apostles preached, they treated the Gospel as good news which the people would care to receive for itself; they honoured it in treating it as if it were a blessing. Of course it is difficult to distinguish between the actions which come from the radiant outpouring of every species of good gift in mere wealth of joyful human love springing from vivid sense of Divine love, which we see in earnest preachers of all ages, from the gift which is meant to be, and felt to be, a bribe. In many cases, probably, the gifts comprise a mixture of love and a purpose to attract, which it would be impossible to separate. But religious teaching, I have no manner of doubt whatever, has suffered of late years incomparably more than it has gained by this confusion. Let the gift, then, stand or fall by its own intrinsic value; if it be helpful in itself, cultivating such right qualities as will make the recipient richer in such outside things as itself, let it be made. If not, withhold it. And for God's sake let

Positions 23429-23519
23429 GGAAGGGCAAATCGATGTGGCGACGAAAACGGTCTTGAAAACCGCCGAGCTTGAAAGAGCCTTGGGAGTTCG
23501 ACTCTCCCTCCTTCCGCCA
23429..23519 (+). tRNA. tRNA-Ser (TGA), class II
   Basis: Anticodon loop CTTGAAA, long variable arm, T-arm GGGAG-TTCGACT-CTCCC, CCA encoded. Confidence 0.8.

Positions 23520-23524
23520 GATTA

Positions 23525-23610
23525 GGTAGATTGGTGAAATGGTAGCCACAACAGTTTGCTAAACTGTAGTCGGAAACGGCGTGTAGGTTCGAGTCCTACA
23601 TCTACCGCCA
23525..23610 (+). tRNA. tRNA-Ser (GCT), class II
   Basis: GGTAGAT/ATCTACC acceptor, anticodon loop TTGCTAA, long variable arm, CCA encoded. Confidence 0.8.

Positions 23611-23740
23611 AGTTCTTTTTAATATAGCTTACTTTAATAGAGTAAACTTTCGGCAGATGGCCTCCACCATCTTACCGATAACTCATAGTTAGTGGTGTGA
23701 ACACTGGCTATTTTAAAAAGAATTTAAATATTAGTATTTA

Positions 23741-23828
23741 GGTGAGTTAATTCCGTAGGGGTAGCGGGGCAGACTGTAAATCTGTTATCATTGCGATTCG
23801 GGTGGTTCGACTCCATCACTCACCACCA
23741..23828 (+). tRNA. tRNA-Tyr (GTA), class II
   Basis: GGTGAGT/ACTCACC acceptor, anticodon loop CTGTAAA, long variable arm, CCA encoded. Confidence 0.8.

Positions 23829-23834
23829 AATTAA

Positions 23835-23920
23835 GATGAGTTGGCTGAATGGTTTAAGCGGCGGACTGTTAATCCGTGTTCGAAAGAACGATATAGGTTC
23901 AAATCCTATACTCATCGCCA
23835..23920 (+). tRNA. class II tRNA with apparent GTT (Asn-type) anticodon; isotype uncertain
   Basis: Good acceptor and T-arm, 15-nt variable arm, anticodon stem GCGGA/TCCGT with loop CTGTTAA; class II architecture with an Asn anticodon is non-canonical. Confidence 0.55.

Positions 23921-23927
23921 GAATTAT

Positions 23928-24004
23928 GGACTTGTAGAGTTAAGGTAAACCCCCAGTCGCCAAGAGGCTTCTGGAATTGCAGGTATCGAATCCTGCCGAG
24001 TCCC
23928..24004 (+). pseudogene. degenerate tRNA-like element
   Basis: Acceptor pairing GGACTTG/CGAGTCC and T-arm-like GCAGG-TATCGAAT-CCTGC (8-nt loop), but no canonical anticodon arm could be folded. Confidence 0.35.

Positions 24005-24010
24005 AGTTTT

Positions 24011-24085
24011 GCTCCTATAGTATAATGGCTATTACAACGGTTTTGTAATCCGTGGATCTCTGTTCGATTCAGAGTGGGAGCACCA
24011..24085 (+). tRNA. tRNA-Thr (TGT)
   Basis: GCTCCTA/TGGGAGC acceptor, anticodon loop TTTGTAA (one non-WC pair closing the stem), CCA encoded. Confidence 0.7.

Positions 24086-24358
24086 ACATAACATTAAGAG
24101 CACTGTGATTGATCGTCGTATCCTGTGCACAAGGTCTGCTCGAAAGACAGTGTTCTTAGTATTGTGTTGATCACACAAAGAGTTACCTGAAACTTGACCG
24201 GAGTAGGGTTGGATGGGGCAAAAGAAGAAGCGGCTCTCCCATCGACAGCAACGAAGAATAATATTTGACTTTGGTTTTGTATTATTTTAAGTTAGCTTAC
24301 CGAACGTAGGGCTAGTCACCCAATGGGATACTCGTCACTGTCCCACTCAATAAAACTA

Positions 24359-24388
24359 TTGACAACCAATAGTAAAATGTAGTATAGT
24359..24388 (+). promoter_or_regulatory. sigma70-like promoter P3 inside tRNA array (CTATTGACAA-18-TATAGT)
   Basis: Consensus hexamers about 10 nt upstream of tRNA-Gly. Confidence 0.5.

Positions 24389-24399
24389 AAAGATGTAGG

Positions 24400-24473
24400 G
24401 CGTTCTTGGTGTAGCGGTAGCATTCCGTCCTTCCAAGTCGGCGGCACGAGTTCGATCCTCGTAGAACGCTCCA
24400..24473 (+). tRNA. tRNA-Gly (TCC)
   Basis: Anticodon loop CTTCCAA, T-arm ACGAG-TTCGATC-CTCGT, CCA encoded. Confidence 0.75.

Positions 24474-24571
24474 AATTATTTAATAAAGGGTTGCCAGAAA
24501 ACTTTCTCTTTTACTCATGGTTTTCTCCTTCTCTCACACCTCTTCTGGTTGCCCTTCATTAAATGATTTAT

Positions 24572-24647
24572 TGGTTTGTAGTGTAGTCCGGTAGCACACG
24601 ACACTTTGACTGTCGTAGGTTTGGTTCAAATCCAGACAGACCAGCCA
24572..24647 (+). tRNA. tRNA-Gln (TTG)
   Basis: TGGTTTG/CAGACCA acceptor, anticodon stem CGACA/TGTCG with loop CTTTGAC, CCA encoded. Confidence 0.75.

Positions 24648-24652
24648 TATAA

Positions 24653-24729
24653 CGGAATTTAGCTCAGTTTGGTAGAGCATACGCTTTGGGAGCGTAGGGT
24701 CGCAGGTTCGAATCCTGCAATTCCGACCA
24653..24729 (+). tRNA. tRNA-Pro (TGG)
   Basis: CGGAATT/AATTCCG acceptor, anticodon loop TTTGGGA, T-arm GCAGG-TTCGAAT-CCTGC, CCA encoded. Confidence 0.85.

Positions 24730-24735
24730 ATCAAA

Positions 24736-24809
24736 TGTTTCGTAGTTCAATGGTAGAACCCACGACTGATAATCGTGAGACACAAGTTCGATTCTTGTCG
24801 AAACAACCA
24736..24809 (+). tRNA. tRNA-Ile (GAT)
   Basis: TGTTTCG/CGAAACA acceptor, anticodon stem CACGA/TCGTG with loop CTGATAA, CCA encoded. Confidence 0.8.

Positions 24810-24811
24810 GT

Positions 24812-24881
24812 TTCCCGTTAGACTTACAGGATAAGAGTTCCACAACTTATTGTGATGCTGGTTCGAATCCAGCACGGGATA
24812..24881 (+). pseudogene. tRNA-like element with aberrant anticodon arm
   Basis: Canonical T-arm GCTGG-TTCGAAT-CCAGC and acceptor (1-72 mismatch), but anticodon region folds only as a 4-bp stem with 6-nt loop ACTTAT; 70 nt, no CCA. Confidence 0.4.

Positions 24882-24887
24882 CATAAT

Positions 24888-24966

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A MORE EXCELLENT WAY OF CHARITY.